Differences between field plots size and cell size for processing LiDAR data can be considered as an error source. Working with a large scale global data set, Réjou-Méchain et al. ([31]) simulated the field sampling errors derived from the utilization of different sizes in field plots and remote sensing footprint. They showed that when field plots were very small (0.1 ha and below), the sampling error was mostly due to the contribution from field sampling, and was relatively insensitive to footprint area. According to that, we expect that AGB errors in Poás forest are more likely influenced by the small size of field plots than by the differences between the field plots size and the cell size for processing LiDAR data.
Our plot size (0.04 ha) was smaller than the one used for generating the general model (0.1-1.0 ha). Using small plots for estimating AGB or BA may result in improper estimations ([23], [22]). Optimizing plot size is likely to be dependent not on plot size per se, but on the ratio of typical crown sizes to the plot size ([6]). Three important outcomes are achieved using larger plots (> 0.5 ha): (1) the accuracy of plot-level biomass allometry improves as the number of trees increases ([6]); (2) larger plots minimize the negative effect produced by low location accuracy due to GPS; (3) as tree crowns can exceed 20 m in diameter, it is possible that a tree crown studied in LiDAR data may not be part of a tree within the sample plot, leading to the so-called “edge effect”. These three effects could be minimized by increasing plot size ([23]), though leading to higher inventory costs. Additionally, size plots close to 1 ha could also be appropriate, as recent studies in tropical forests demonstrated that uncertainties approach 10% when plot sizes increase up to 1 ha ([6], [39]).
Plot-aggregate AGB models have biological meaning since main biomass factors are involved, i.e., height, diameter (through basal area) and wood gravity. Height and diameter determine the tri-dimensional structure of forests and wood gravity details the stored carbon per unit volume.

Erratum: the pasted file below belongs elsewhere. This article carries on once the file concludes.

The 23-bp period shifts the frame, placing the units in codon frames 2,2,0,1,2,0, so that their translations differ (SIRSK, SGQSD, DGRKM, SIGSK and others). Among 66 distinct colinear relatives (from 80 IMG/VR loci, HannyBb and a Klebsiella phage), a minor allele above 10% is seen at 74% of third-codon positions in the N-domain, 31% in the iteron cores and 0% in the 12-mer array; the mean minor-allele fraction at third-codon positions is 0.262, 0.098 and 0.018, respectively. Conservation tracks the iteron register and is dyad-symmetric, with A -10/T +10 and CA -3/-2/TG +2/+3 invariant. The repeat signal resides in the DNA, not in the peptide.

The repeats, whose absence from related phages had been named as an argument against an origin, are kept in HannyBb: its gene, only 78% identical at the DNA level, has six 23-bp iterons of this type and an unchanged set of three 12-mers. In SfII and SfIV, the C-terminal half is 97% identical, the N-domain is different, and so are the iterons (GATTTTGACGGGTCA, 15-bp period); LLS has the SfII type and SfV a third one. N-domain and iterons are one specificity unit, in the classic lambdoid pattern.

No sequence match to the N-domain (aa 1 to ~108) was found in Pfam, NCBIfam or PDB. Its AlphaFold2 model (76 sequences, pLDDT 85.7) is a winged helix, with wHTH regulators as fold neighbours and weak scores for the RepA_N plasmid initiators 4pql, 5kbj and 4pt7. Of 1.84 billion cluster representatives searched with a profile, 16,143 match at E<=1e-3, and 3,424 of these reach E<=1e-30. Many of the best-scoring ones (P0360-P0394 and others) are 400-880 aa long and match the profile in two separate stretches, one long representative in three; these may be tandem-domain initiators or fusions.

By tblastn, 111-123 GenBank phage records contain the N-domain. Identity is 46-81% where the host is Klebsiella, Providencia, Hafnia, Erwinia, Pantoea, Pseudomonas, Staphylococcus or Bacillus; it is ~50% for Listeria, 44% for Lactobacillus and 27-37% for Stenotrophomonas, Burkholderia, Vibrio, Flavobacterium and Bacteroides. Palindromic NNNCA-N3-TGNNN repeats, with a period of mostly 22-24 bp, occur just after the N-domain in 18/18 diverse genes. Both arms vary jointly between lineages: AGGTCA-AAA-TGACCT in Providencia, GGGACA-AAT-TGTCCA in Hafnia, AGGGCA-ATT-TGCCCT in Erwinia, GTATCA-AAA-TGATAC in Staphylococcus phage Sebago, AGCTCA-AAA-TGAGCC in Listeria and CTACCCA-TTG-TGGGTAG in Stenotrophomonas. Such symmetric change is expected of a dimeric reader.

In these types of forests large tree crowns in overstorey layers leads to an increase of first returns from the upper level of canopy recorded by the LiDAR system, overlooking the lower strata ([13]). In this respect, TCH has broadly proved to be a good predictor of forest structure, carbon density and biomass in tropical vegetation ([6]).
Mapping biomass
Basal area values for the entire National Park were derived from the origin forced linear regression BA-TCH (Fig. 4). We used three AGB models (the general model and the two local fitted models) in order to map the AGB throughout the Holdridge’s life zones in the study area (Fig. 5). We did not take into account cells with TCH under 4.5 m for a real comparison of stored biomass in each Holdridge’s life zone, because of the extension of bare and shrub land, especially in the vicinity of crater areas and the bare eroded areas by lava streams.
The implementation of both locals and general models resulted in consistent and logical maps that showed no big differences between neighbor cells and yielded biomass values within the expected range for this type of forests (Fig. 5). The important differences observed in the estimation of AGB depending on the chosen tree allometry affects systematically to AGB mapping in the study area (Fig. 5). The total amount of AGB for the study area is considerably larger in the case of using local model I or the general model than using local model II. This points out the importance of individual tree biomass allometry in wall-to-wall aboveground biomass mapping.
Some authors have indicated the importance of the equivalence between the size of field plots and the size of pixel LiDAR processing ([20]). We have utilized the same size for the TCH computation in the field plots and in the whole area (25×25 m). This size is slightly smaller than the 30×30 m resolution used by Clark et al. ([12]) or the 33×33 m used by Asner et al. ([1]), simulating a typical biomass sample plot used in many tropical forests studies ([28]).